Unfinished Business (#9)

As we witnessed the Democratic National Convention, there remain serious differences that divide the supporters of Hillary Clinton and Bernie Sanders. While in presidential elections past, it has been taken for granted that progressive members of the Democratic Party would pledge their support to the nominee by the end of the convention — and that the Democratic Left would have no where else to go in November — the differences in values has become entrenched after an acrimonious primary season.

Anyone who reads through political discussion sites on the internet might safely conclude that Team Clinton and the Sanders Revolution speak very different languages. Some people on both sides have purposely insulted their primary opposition; based upon my readings in the past year, the Clinton camp showed far more disrespect to the Sanders’s people, than Sanders’s people to the Clinton supporters. This has continued, even after the Clinton’s hired former Sanders’s political operatives, and Senator Sanders has semi-endorsed Hillary, by committing to defeat Donald Trump.

Adding her vice presidential pick to the ticket hurt. Yet, the hiring of the disgraced Debbie Wasserman Shultz on her campaign was simply terrible. It reflects the Clinton’s values and intentions.

Still, the Clinton team seems genuinely confused as to why Hillary has not gained the support of the Sanders Revolution. Perhaps it would be worthwhile to consider what in sociology are known as the three types of “authority.” These were best defined by Max Weber in his writings in 1919-1920, specifically his wonderful essay “Politics as a Vocation.” These include traditional, bureaucratic, and charismatic authority.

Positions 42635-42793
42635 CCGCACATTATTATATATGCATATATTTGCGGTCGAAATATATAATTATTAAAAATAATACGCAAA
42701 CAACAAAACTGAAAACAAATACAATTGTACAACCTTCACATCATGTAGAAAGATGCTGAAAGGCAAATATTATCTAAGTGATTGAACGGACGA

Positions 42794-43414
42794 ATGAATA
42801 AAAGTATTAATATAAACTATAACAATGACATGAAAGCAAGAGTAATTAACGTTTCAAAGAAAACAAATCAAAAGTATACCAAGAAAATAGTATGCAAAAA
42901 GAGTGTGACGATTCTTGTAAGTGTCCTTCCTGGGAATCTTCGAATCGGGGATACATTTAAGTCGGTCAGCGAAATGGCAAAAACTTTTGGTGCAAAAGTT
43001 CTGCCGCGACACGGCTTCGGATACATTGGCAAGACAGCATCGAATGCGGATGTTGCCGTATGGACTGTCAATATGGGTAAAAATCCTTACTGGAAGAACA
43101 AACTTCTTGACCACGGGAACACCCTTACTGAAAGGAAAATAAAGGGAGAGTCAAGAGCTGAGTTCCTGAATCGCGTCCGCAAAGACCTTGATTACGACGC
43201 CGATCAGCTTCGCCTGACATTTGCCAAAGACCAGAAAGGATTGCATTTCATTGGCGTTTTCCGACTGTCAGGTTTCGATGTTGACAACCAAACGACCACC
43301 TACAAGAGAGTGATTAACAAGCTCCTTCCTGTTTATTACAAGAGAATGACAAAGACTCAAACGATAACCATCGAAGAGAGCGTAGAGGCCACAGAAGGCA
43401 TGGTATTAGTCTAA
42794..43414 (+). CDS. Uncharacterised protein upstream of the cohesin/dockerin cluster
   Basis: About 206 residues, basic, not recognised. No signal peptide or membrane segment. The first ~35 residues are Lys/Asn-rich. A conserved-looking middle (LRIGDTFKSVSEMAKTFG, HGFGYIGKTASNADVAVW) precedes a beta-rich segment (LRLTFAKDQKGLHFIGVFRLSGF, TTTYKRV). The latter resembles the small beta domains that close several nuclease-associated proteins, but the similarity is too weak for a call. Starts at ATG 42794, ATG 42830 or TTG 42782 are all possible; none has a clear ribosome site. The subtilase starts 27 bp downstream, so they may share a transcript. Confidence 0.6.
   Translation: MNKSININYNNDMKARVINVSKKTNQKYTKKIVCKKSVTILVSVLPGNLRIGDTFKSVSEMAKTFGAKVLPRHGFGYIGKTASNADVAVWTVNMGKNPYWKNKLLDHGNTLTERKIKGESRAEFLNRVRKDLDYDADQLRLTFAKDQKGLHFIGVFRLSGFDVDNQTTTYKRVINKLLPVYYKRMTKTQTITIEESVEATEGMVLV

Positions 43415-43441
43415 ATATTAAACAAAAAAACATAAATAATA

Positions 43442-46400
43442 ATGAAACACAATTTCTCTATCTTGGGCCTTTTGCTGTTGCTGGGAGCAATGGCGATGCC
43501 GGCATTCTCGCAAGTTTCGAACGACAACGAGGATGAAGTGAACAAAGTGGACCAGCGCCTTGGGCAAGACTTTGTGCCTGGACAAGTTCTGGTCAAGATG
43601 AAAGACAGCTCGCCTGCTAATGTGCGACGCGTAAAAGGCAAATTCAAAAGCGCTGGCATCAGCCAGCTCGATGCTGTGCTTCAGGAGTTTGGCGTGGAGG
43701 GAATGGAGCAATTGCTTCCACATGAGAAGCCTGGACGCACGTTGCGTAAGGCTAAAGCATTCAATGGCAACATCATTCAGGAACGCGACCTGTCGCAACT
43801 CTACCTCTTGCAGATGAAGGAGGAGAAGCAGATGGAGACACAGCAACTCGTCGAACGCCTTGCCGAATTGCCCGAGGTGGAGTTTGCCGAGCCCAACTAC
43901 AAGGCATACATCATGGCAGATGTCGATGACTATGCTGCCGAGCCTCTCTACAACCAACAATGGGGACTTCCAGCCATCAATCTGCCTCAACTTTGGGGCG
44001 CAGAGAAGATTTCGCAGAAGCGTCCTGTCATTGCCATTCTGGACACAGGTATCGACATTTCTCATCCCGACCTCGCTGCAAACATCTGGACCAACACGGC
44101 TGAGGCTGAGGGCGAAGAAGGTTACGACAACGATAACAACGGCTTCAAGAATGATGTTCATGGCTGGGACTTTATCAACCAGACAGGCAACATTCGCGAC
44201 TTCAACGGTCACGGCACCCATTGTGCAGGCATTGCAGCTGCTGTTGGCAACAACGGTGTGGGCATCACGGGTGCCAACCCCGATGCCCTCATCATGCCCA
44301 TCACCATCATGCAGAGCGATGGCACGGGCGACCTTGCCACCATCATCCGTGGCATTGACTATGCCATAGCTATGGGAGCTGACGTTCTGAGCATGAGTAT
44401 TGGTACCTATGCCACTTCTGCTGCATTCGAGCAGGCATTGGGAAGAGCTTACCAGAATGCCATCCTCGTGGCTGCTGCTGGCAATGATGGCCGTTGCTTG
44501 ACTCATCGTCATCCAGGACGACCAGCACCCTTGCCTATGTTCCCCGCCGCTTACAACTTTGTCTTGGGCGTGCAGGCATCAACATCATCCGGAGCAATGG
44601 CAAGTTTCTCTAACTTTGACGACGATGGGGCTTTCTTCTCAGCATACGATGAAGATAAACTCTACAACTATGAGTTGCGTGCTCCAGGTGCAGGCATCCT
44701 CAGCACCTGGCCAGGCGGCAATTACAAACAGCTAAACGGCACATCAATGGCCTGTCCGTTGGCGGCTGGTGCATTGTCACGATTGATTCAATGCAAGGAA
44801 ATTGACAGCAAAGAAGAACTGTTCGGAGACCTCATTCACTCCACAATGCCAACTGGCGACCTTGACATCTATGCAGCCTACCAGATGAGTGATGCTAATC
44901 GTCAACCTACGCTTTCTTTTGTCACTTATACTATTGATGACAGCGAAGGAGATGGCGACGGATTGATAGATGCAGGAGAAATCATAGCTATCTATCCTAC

Traditional authority is most closely associated with pre-industrial societies, where people tend to do things the way that previous generations of their tribe or clan did. Bureaucratic authority is found in larger, industrial or high-tech societies. Weber also identified this as “legal-rational authority. Charismatic authority has been found in both traditional and bureaucratic systems, when an individual of unusual personal characteristics creates a movement to reform the social system. Each of the three types has potential strengths and weaknesses.

There have been aspects of each of these three during the Democratic Party’s 2016 primary season. My family, for example, has been active in the Democratic Party for generations; I have only voted for the party’s candidate in presidential elections. However, as the party has shifted to the right in recent decades, progressives like myself find the bureaucratic structure unresponsive to its traditional values. Thus, the Sanders campaign — which spoke to the values and offered the opportunity to reform the system — held an attraction that Hillary Clinton simply can not.